Hot Ice: the sensational skaters of Blackpool’s Pleasure Beach

02 Jun 2015

Between engagements at the Manchester international festival, I nipped over to Blackpool – insofar as anyone can nip on one of those sluggish local trains – to see Hot Ice at the Pleasure Beach Arena. It was my first ever visit to Blackpool. It was also the first time I had seen an ice show since childhood holidays in Brighton. I have to say I found it an exhilarating mix of dance, spectacle and acrobatics.


Combining moments of dazzling beauty with sheer speed, it was also a reminder that skating is a rare combination of art and sport. I gathered that shows under the generic title of Hot Ice began in Blackpool in 1936. But each show has a specific title, and this year it was Desire. (Since previous titles have included Passion, Allure and Entice, you get the general idea.)


The theme of Desire admittedly prompted some dubious voiceover narration (“My very gestures express enchantment … I feel myself a god”). But, once they cut the cackle and got to the skating, the results were sensational. The highlight was a version of Gershwin’s Rhapsody in Blue in which the 30-strong ensemble twirled and whirled in azure costumes. Although the cast are not identified individually, there was also a standout redhead who, in her exuberant gaiety, struck me as skating’s answer to Shirley MacLaine. I was also impressed by the moment when the skaters were surrounded by a ring of fire which, oddly, reminded me of a similar effect in Peter Brook’s production of The Mahabharata.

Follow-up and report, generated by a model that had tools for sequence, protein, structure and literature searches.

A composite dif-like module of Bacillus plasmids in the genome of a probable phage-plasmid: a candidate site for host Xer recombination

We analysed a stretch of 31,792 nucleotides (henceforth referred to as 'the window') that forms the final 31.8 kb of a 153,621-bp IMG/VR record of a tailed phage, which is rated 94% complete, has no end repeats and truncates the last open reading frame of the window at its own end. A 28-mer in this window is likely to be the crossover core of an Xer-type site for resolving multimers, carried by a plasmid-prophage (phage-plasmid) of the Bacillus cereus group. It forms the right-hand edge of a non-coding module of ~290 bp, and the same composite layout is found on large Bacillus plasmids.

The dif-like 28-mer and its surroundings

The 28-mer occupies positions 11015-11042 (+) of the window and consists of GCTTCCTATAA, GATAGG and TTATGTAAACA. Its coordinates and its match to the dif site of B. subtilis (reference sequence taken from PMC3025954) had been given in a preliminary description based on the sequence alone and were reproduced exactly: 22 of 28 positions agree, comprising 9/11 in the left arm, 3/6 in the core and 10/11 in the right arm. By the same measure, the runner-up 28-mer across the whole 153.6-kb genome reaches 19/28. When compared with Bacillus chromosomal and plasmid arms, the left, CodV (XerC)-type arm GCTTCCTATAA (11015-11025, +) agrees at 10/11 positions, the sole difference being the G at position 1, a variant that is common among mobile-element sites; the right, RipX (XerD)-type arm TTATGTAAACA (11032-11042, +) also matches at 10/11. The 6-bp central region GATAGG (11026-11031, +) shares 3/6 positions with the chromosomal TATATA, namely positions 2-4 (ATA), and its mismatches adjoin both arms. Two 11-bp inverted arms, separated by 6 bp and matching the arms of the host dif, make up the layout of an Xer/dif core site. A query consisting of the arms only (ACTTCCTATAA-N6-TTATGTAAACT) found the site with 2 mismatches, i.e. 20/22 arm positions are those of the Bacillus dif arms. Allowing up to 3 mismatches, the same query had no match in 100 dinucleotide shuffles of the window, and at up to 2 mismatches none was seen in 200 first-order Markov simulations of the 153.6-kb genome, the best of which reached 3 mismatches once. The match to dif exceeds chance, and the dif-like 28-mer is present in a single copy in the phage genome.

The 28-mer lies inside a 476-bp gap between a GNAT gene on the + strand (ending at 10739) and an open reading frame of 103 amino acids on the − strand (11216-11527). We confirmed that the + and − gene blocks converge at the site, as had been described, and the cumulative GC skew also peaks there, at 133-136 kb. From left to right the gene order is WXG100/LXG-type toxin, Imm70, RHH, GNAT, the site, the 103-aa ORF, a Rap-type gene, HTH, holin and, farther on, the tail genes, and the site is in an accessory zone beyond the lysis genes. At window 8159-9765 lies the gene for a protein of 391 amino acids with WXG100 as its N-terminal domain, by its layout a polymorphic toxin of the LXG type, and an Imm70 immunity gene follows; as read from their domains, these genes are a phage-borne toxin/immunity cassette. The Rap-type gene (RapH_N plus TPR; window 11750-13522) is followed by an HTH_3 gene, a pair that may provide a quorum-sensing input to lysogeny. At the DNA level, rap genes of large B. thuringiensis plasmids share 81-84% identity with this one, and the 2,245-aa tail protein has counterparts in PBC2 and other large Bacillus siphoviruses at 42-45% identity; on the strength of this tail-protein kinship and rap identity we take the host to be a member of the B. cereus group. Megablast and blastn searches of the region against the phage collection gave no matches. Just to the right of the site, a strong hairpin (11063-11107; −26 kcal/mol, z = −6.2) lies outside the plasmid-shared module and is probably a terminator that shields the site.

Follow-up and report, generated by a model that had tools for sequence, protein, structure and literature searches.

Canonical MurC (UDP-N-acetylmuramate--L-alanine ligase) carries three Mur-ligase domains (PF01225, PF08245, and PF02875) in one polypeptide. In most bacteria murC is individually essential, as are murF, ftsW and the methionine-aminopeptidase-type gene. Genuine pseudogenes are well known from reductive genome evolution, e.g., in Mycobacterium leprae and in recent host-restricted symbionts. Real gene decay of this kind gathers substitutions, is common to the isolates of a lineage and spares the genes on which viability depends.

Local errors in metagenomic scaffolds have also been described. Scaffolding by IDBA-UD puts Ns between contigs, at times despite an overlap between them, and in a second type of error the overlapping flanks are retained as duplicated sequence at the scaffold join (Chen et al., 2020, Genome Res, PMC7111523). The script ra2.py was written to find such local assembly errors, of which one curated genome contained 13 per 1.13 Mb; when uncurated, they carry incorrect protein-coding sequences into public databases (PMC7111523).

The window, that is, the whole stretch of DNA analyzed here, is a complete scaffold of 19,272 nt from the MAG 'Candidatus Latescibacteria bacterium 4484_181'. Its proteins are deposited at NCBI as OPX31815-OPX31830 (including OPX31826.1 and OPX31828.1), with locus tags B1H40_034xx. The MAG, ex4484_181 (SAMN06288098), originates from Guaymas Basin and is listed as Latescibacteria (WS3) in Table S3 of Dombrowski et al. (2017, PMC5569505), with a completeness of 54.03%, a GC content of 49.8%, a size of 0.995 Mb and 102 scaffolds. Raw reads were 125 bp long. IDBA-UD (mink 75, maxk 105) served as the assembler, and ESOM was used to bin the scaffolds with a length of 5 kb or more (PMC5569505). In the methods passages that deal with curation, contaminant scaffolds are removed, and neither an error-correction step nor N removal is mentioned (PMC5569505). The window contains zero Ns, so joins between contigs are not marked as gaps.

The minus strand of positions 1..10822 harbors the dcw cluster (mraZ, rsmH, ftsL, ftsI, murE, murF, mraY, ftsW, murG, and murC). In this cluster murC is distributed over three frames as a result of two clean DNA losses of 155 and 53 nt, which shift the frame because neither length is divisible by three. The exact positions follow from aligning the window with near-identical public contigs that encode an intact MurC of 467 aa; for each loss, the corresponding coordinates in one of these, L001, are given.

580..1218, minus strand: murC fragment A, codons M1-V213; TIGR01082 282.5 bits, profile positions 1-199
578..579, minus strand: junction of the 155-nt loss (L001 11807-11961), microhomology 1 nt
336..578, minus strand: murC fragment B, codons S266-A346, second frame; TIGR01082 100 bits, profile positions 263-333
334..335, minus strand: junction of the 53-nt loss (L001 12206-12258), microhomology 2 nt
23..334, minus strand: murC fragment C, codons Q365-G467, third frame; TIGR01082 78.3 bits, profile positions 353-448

One’s reaction, I discovered, also depends partly on where one sits. I watched the first half from my designated upper seat where you could appreciate the patterns of movement and see the skaters interweaving with the precision of the Arsenal attack on a good day. But for the second half, I moved to a ringside seat, which was actually more fun. From there one could hear the crunching sound of blades on ice and see the expressions on the faces of the skaters. I also sat behind a large family who were in raptures and who, at the end, reached out hands across the barrier as if waiting to be blessed by the speeding skaters.


TV’s Dancing on Ice has clearly increased the audience for this kind of skating spectacular. But Hot Ice, produced and directed by Amanda Thompson, who is also the managing director of the Pleasure Beach, predates it and is full of intriguing paradoxes. It blends art and commerce, aesthetics and athletics, balletic skill and extravagant kitsch. Even the title expresses a contradiction that goes back to A Midsummer Night’s Dream: offered the chance to watch a play about Pyramus and Thisbe which is merry and tragical, tedious and brief, Theseus sums it up as “hot ice and wondrous strange snow”. Back in 1936, were they aware of the Shakespearean allusion when they created this astonishing Blackpool institution?